U.S. Army moves forward with Lakota buy despite legal challenge

The U.S. Army may have found a workaround for acquiring new UH-72A Lakota helicopters, even as it waits for a ruling on the subject from the Court of Appeals for the Federal Circuit.

A federal judge barred the Army from proceeding with a sole-source acquisition of 16 UH-72A Lakota helicopters in 2016. The Army appealed the ruling, and is now taking steps to procure up to 35 additional Lakotas. Airbus Helicopters Photo

In a “sources sought” notice published Jan. 4, 2018, the Army states that its Utility Helicopter Project Management Office is conducting market research to determine whether there are contractor sources available to supply up to 35 new EC145 aircraft to supplement the Army’s existing fleet.

There’s certainly one such contractor: Airbus Helicopters, Inc., which produces the commercial-off-the-shelf EC145 that is operated by the Army as the UH-72A Light Utility Helicopter (LUH). In its attempt to determine “the feasibility of a competitive acquisition,” the Army notes in its Jan. 4 solicitation that the EC145 technical data package is held by Airbus, and that “responses should address how the aircraft will be produced as a new FAA [Federal Aviation Administration]-certified aircraft without having this data available and without incurring significant additional costs.”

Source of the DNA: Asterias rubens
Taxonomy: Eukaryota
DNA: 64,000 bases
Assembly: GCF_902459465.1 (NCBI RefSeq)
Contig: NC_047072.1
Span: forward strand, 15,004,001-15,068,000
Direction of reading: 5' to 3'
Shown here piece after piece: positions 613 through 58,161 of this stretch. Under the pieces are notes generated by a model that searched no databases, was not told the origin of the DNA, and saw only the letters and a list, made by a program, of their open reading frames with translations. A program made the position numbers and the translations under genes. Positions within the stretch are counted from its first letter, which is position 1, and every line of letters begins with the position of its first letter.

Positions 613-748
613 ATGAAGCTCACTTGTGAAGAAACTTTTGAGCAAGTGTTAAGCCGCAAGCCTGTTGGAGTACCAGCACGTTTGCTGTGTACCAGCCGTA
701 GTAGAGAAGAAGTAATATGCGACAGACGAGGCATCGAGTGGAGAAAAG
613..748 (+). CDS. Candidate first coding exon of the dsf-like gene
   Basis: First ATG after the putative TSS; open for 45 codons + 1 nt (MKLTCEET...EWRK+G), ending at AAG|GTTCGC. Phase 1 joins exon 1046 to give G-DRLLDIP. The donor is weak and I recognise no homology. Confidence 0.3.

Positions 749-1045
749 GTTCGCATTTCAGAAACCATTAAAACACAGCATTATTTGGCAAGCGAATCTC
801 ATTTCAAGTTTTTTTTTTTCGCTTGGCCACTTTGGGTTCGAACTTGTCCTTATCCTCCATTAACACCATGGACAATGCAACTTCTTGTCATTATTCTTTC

Of course, it is highly unlikely that anyone other than Airbus would be able to provide its proprietary aircraft at a competitive price.

Underpinning the Army’s sources sought notice is specific language in the 2017 Defense Appropriations Act providing for the procurement of 28 Lakota LUHs “in support of ongoing mission requirements at the Army Aviation Center of Excellence at Fort Rucker, the Combat Training Centers, and the Army Test and Evaluation Center.”

A Lakota order would be a boon for Airbus, which has seen LUH production at its facility in Columbus, Mississippi, dwindle in the face of a legal challenge by AgustaWestland North America (now Leonardo Helicopters). According to Airbus spokesperson James Darcy, only three Lakotas remain to be delivered under all prior contracts with the Army.

In a statement, Airbus said it “will certainly respond to the Army EC145 sources sought, which is the first step in meeting a well-documented, longstanding requirement for Lakota helicopters that our customer has said is essential to meet its readiness needs.”